Trinamool Congress won 213 seats, an increase on the previous tally of 211 seats gained in 2016 elections.
The BJP, which won 77 of the 292 seats available, have never won in West Bengal, but the defeat was still notable at a time of crisis in India, due to the pandemic.
Overall, Trinamool Congress’s vote share was almost 48 per cent compared to 38 per cent for the BJP. Other major players such as the left wing parties, which ruled over West Bengal for nearly 35 years until 2011, and the Indian National Congress drew a blank with no seats.
Ms Banerjee’s win victory means she is all set to return for a third term of five years. She is India’s only female state leader.
Political analyst Nilanjan Mukhopadhyay told The Independent preliminary voting data indicated that anger over central government’s handling of pandemic had cost it votes.
The “rapidly deteriorating Covid-19 situation in India & the rising anger against the central government during the last four phases did play a role on the BJP’s fortunes and it did not make the expected gains,” he said.
West Bengal elections were crucial for the BJP as Mamata Banerjee is a strong regional leader and has been a strong critic of Modi’s. The BJP has never been in power in West Bengal and had they won it would have been a massive sign of approval for Modi’s party, especially at a time of crisis.
Despite criticism of huge electoral rallies at the time of the coronavirus second wave, the BJP’s election campaign was minutely planned by India’s Home Minister Amit Shah, considered an astute election planner. During the elections, the BJP used all possible weapons in its arsenal ranging from a series of rallies to most of its top ministers camping in the state.
Mr Mukhopadhyay said the result was politically noteworthy for several reasons.
“First of all, there was no strong leader to counter Mamata Banerjee. Secondly, the BJP leaders led by the PM himself went overboard with the ‘Didi-o-Didi’ slogan which for many in West Bengal resembled a catcall. The state BJP president derogatory Dilip Ghosh also made remarks about her clothing. The slander used against Ms Banerjee definitely went against the BJP,” said Mr Mukhopadhyay.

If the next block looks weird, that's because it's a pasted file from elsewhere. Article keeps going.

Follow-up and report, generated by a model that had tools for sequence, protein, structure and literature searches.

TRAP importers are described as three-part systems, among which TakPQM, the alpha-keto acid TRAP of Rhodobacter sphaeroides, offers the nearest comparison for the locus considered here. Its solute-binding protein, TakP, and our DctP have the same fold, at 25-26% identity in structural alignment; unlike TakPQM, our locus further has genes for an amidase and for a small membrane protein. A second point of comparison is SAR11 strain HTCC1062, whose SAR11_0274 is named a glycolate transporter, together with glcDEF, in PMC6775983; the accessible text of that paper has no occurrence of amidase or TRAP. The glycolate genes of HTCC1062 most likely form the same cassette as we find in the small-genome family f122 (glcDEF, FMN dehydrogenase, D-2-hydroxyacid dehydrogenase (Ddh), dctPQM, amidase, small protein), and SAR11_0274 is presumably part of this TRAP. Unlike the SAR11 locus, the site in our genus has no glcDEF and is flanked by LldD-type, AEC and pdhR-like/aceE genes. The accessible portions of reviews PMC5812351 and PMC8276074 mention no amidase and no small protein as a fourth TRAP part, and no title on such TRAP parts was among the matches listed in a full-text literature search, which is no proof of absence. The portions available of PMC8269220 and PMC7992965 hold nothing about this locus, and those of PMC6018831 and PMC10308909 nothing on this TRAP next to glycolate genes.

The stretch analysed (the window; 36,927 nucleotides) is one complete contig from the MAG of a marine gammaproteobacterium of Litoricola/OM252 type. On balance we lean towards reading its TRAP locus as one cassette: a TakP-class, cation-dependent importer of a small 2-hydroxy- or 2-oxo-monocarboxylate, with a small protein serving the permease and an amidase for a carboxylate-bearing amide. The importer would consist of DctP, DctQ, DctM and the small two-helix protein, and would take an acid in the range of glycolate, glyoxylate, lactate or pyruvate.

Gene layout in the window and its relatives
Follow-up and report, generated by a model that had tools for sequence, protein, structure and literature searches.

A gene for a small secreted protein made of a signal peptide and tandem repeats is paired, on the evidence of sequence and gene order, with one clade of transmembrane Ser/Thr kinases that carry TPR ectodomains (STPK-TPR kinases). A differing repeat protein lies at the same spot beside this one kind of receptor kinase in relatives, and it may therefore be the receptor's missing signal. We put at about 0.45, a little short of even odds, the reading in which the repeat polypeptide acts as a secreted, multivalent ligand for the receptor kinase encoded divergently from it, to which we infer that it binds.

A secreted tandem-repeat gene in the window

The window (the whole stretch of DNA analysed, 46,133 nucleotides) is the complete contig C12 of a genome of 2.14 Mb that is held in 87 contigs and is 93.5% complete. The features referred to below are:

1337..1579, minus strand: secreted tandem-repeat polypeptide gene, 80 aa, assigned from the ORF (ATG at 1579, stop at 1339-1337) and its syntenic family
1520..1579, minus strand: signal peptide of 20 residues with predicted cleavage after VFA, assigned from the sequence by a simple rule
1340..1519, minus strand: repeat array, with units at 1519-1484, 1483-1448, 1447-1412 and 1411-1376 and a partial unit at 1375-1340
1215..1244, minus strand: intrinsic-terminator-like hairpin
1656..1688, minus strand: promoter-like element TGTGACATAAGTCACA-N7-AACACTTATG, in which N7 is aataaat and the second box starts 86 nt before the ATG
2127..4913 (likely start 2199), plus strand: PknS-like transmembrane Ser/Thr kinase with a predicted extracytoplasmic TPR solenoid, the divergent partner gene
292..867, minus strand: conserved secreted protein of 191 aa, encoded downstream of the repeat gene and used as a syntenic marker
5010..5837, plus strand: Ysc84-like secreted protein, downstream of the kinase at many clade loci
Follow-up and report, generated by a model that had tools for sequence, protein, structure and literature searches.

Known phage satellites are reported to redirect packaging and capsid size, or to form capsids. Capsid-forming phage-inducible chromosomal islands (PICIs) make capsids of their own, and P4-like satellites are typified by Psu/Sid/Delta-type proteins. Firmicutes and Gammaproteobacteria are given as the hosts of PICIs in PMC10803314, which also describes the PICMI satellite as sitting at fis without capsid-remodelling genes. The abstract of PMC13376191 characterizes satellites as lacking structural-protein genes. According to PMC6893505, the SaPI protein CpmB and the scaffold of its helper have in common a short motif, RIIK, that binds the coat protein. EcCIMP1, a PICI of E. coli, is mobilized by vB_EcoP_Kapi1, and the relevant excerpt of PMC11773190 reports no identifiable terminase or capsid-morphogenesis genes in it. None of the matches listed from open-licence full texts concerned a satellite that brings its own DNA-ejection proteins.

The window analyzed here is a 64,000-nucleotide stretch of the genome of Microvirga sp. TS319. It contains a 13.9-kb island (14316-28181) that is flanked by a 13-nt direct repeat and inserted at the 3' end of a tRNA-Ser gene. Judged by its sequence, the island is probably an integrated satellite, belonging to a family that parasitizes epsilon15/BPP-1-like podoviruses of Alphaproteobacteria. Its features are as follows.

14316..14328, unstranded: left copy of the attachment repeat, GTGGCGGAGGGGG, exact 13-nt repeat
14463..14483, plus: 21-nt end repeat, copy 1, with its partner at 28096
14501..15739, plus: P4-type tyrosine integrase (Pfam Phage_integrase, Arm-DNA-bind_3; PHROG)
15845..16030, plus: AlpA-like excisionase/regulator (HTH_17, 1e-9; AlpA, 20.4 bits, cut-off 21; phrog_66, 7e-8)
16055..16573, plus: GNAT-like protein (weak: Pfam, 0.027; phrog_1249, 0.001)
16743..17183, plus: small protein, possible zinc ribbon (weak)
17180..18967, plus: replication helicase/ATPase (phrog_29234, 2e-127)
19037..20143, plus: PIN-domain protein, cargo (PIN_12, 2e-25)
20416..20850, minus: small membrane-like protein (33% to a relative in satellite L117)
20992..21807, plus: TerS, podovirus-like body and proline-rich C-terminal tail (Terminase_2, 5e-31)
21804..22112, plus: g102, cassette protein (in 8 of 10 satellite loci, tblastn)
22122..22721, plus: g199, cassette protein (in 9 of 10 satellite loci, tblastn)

Following the massive loss, some BJP leaders blamed people of the minority community voting in favour of Ms Banerjee as a reason behind their loss.
Professor Rakesh Sinha, a member of parliament representing the BJP, tweeted: “Wake up call: Minority veto in electoral politics will be devastating for our secular democracy.”
But Mr Mukhopadhyay said that Mr Modi now needs to go back to the office of the prime minister and “administer – something that he was elected for”.
“The country cannot risk him out campaigning anymore while the pandemic continues. He was chosen in 2014 on account of his governance model in Gujarat but today that is in shambles. He needs to go back to the drawing board otherwise, in 2024, people of the country will find an alternative themselves by simply voting against him continuing in the PM’s office like what they did in 1977 and 2004,” he said.
He said Ms Banerjee also has the task cut out for her with handling the Covid-19 situation in West Bengal but the victory “definitely starts the conversations about her role as a future national alternative to Mr Modi”.
Over the past few years, Ms Banerjee is among the few opposition leaders in India who have continuously matched Mr Modi and his party’s sharp attacks.
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